Financial devolution

7.We reiterate our recommendation from our recent report into local authority financial sustainability that the Government should allow councils to retain 75% of business rates from 2022, and that it should not impose commensurate cuts to grant funding. The additional funding should then be put towards equalisation in a separate grant designed for this purpose. As we also recommended in that report, in the longer term, the Government should consider options for wider reform of council tax and business rates, including possibly replacing them with a proportional property tax. (Paragraph 61)

8.Financial devolution is necessary to ensure the success of devolution through giving devolved authorities greater freedom from central government, enabling them to take longer-term decisions reflective of their strategic purpose, and enhancing their direct accountability to their electorates. It must be accompanied by redistributive measures to ensure areas with lower revenue raising potential do not lose out. We therefore recommend that the Government should:

Further financial devolution could follow these measures if they prove to be a success. (Paragraph 71)

9.The Government should commission research into how income tax or other national tax revenue could be allocated to local and combined authorities, or how a local income tax across a combined authority area could work, including details of tax setting, funding equalisation, and how HMRC can better identify where taxpayers live. The Government should consider permitting other measures, including land value capture for local authorities, to help them raise additional money. (Paragraph 72)

10.The Committee has persistently sought clarity from the Government about how the UK Shared Prosperity Fund will work. The Government has had over four years to design and bring forward a coherent alternative to the European Development Funds that will completely end in 2023. This delay has been unacceptable and requires an accelerated approach. The Government should bring forward as soon as possible its proposals for how the UK Shared Prosperity Fund will work, including the funding profile to be controlled by combined authorities or local authorities. The majority of the funding should be allocated as block grants with local and combined authorities empowered to allocate the funds within the general principles of bolstering regeneration and tackling unemployment and skill shortages already announced by the Government. The Government should confirm that the £1.5 billion, equivalent to that formerly provided by the EU, will be increased to retain its real value over time. It should also increase the total amount of funding for the UK Shared Prosperity Fund to ensure that English regions that would have been eligible for greater sums of structural funding had the UK stayed in the EU and if the Government had strictly followed the EU’s former allocation of funds do not lose out by its guarantee to retain the existing amounts of funding for other parts of the UK. (Paragraph 82)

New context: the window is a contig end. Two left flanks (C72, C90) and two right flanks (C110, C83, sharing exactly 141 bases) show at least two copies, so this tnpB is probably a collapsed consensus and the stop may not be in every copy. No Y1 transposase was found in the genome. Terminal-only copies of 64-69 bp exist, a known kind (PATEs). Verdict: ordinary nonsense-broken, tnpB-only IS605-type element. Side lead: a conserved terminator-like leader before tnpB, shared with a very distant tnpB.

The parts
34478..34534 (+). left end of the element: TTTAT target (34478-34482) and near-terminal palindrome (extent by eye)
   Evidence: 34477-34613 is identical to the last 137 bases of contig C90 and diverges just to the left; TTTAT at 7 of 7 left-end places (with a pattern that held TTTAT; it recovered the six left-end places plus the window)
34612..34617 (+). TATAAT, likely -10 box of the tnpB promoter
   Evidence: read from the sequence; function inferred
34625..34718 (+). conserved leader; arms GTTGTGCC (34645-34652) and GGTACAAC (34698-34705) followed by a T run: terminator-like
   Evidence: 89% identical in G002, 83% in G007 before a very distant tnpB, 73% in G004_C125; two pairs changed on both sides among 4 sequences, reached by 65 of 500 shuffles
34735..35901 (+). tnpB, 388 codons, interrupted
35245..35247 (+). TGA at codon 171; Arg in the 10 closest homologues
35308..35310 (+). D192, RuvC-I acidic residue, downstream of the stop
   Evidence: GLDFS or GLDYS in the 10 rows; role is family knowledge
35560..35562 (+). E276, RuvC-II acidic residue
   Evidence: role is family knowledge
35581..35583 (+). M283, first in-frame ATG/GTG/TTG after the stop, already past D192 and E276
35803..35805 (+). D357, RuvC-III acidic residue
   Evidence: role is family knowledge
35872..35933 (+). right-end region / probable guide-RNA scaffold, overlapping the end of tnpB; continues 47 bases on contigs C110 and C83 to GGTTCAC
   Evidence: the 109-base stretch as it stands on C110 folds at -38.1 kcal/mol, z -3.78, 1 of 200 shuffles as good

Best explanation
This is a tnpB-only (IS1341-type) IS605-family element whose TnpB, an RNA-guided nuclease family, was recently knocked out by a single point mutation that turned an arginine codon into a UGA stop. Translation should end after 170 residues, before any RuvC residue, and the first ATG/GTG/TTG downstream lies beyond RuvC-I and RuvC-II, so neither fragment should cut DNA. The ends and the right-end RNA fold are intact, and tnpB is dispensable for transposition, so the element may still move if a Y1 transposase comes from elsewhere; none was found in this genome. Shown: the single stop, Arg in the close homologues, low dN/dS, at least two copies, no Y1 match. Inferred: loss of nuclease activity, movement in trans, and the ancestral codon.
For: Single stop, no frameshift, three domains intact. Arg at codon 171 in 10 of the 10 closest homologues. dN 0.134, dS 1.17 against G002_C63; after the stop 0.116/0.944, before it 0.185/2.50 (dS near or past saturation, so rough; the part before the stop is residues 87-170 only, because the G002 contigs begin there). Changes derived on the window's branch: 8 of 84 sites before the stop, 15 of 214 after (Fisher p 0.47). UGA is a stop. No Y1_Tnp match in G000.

11.A sustainable approach to local government funding requires longer term budgetary arrangements and discretion for local authorities and combined authorities over how to spend. We therefore welcome that the 2021 spending review will be multi-year. This reflects the wider need for a long-term plan to support the finances of local government. We recommend that the principle of devolution funding should be that grants are given on a block basis to cover all services of which local and combined authorities have oversight, without ringfencing or competitive bidding. (Paragraph 87)

Devolution of other powers